March 17, 2016 report
Researchers use electron microscope to reveal how semiconductor nanowires grow
(Phys.org)—A team of researchers with members from Sweden, the U.K. and the U.S. has used a transmission electron microscope to discover the secrets behind how nanowires used to make semiconductors grow. In their paper published in the journal Nature, the team describes their microscopic study of gallium arsenide nanowires during their growth phase and what they learned about the process. Anna Fontcuberta i Morral with École Polytechnique Fédérale de Lausanne in Switzerland offers a News & Views Perspective piece on the work done by the team in the same journal issue outlining the process used and explaining what the results will mean for advances in electronics, photonics and quantum information research efforts.
Scientists have discovered many useful properties of crystals leading to the development of many modern products, such as computers and photonic devices. Such devices depend on an ability to grow crystals in ways that suit particular needs. But, as Fontcuberta i Morral notes, a complete understanding of what occurs during the initial stages of crystal growth is holding back the development of a wider range of products. In this new effort, the researchers sought to learn more about polytypism—where a compound has the ability to exist as various crystal forms with differences only in their bilayer structure—by taking a very close look at the initial stages of gallium arsenide nanowire formation during the vapor–liquid–solid method. They report that their observations revealed that new bilayers formed at the triple-phase line, resulting in a flat layer at the top, but when the liquid-metal droplet used as a catalyst grew to a certain size, an edge appeared which altered the growth of the crystal—bilayers suddenly formed faster and the edge began to oscillate.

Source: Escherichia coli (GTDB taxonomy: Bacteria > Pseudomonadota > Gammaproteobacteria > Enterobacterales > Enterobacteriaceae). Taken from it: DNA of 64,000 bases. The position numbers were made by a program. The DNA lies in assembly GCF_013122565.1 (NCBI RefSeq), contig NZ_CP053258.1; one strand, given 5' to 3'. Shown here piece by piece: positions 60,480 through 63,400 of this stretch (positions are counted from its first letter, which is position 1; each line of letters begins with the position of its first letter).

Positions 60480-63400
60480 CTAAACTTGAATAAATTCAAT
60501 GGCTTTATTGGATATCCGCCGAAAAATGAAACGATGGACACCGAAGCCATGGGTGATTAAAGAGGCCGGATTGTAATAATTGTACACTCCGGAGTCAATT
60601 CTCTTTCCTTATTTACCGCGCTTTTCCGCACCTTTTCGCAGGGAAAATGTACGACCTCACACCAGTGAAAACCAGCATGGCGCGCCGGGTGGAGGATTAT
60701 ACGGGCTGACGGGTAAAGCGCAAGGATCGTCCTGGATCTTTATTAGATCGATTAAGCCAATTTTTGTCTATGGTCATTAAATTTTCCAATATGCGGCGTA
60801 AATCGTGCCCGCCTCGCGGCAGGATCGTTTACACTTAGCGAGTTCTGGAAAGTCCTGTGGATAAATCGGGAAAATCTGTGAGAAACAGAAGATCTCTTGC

The researchers suggest that their observations revealed that droplet size directly impacted the contact angle and the morphology of the liquid-solid interface. They noted also that angles close to 90° typically resulted in nucleation of bilayers, whereas smaller angles typically led to suppression of nucleation of bilayers allowing for the formation of zinc-blende structures.
Fontcuberta i Morral suggests the findings by the team provide a new pathway towards crystal-phase design, allowing for engineers to select the crystal phase they desire for particular applications.
Controlled formation of non-equilibrium crystal structures is one of the most important challenges in crystal growth. Catalytically grown nanowires are ideal systems for studying the fundamental physics of phase selection, and could lead to new electronic applications based on the engineering of crystal phases. Here we image gallium arsenide (GaAs) nanowires during growth as they switch between phases as a result of varying growth conditions. We find clear differences between the growth dynamics of the phases, including differences in interface morphology, step flow and catalyst geometry. We explain these differences, and the phase selection, using a model that relates the catalyst volume, the contact angle at the trijunction (the point at which solid, liquid and vapour meet) and the nucleation site of each new layer of GaAs. This model allows us to predict the conditions under which each phase should be observed, and use these predictions to design GaAs heterostructures. These results could apply to phase selection in other nanowire systems.
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